My legs aren’t straight – they curve outwards quite substantially at the knee. What I really wanted to see was how pinning out these pants to match my leg shape would translate into 2D. I was rather disturbed after unpicking everything, it looked… ugly. Not the lovely straight lines we’re accustomed to seeing from a sewing pattern! The yellow lines are the original pattern lines, the orange is where I’ve pinned out excess and the black is the final line where I’ve taken out the excess in a vertical dart.
I then sewed my muslin back together again, this time along the new seam lines I’d marked, to see how it fit. I knew I’d still need to mark new side seam lines as they’re quite crooked in the photos above, but the moment of truth would be in how they looked now I’d been playing around with them a lot…
I’ve also sewn on the waist band here – it’s far too tight, I know. I may still grade up the waistband 2 additional sizes and see how the proportions sit then, but I think it’s unlikely you’ll ever see a finished version of these pants.
But I am really quite happy with the progress I’ve made on a slim leg!
Waistband is too tight. Something… ?? …. is going on at the crotch. But the both legs looks good!
The side that has not been tampered with. I’ve noticed when I ‘lock’ my knees back, I get the drag lines going on. These photos have made me realise that I actually quite like the leg of this pattern now. How fickle!
The tampered side.
I have the waistband pinned where it’s folded over because I quite like the proportions of that depth of waist band on me. It’s still too tight between the waistband and pants though. Oh, and looks like I needed a hyperextended calf alteration afterall.
What I’ve taken an incredibly long time and huge amount of futzing to figure out – is that I need a ‘knock-knee alteration’. I guess the benefit of taking the long way to find that out is I know exactly how knock-kneed I am. Cindy from Cation Designs has an amazingly informative post on this alteration and a stack of others (including the hyperextended calf alteration) – definitely recommended reading.
What I have veered away from is making a comfortable trouser suitable for the office environment. I can see myself wearing these (very close fitting) pants made up in a floral cotton pique on a warm spring day, but they really are too tight for the office. Time to get back on brief!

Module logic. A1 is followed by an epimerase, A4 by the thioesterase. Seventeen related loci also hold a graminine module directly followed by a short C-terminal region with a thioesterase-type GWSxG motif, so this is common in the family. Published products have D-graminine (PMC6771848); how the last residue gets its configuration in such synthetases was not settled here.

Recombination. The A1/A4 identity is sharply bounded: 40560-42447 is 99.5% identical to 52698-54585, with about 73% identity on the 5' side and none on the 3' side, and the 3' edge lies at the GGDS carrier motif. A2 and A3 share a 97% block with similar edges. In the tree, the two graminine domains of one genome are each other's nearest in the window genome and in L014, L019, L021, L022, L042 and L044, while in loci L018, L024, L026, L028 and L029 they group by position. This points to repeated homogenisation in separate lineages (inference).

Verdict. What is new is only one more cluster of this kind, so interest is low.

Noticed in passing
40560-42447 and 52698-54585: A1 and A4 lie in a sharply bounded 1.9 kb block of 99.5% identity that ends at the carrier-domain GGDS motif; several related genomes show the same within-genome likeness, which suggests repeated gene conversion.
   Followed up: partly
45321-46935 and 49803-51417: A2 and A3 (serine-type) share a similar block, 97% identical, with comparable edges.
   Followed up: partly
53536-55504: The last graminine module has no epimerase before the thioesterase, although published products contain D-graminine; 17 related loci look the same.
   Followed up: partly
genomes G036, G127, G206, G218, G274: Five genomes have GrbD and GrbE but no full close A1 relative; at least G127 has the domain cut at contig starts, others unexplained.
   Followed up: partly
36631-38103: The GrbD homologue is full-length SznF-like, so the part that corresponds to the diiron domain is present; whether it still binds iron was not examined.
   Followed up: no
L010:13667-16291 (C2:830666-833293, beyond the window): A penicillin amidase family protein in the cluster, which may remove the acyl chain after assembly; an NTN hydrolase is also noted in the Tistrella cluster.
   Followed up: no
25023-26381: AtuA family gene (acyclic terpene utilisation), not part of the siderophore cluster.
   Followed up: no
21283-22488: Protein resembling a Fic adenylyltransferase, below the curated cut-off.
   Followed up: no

A PANTS FITTING CLASS
Then, Oanh invited me to join her in a pants fitting class she was taking. It wasn’t quite what we thought it was (which was a trouser drafting course), but after a few short hours, I had a rather well fitting, high waisted wide leg trouser outline.
The Front. One leg has been tapered a little. Ok, maybe a lot. Also, the rise is higher than my natural waist.
The Back. Nothing like a horrid muslin photograph to accentuate my lack of hip curve. le sigh.
They’re comfortable. Really comfortable! The kind of comfortable that I could spend anywhere between 8 and 12 hours straight sitting in – which means they pass the office-suitable test. They look good in the mirror. The fit even looks perfect on camera!!!
So why do I feel so ridiculously dowdy in them?
That’s something I think I’m just going to have to get over – because those muslin photo aren’t lying.
So I’m going to sew up a wearable muslin from a fabric I don’t mind sacrificing to this cause (which will be a wool crepe), which means I can effectively test drive how the style would work for me. I would like your opinions on a waistband treatment though:
1. A really wide waistband so I can work in the slanted pockets still (this is not a pair of pants I’d feel comfortable tucking my shirt into, so it would be covered. That way I’d still get the ‘look’ of hip height pants, but with the comfort of waist height.)
2. A facing and no front pockets?
3. A picked zip at the side seam, or a centre back invisible zip?
I await your advice!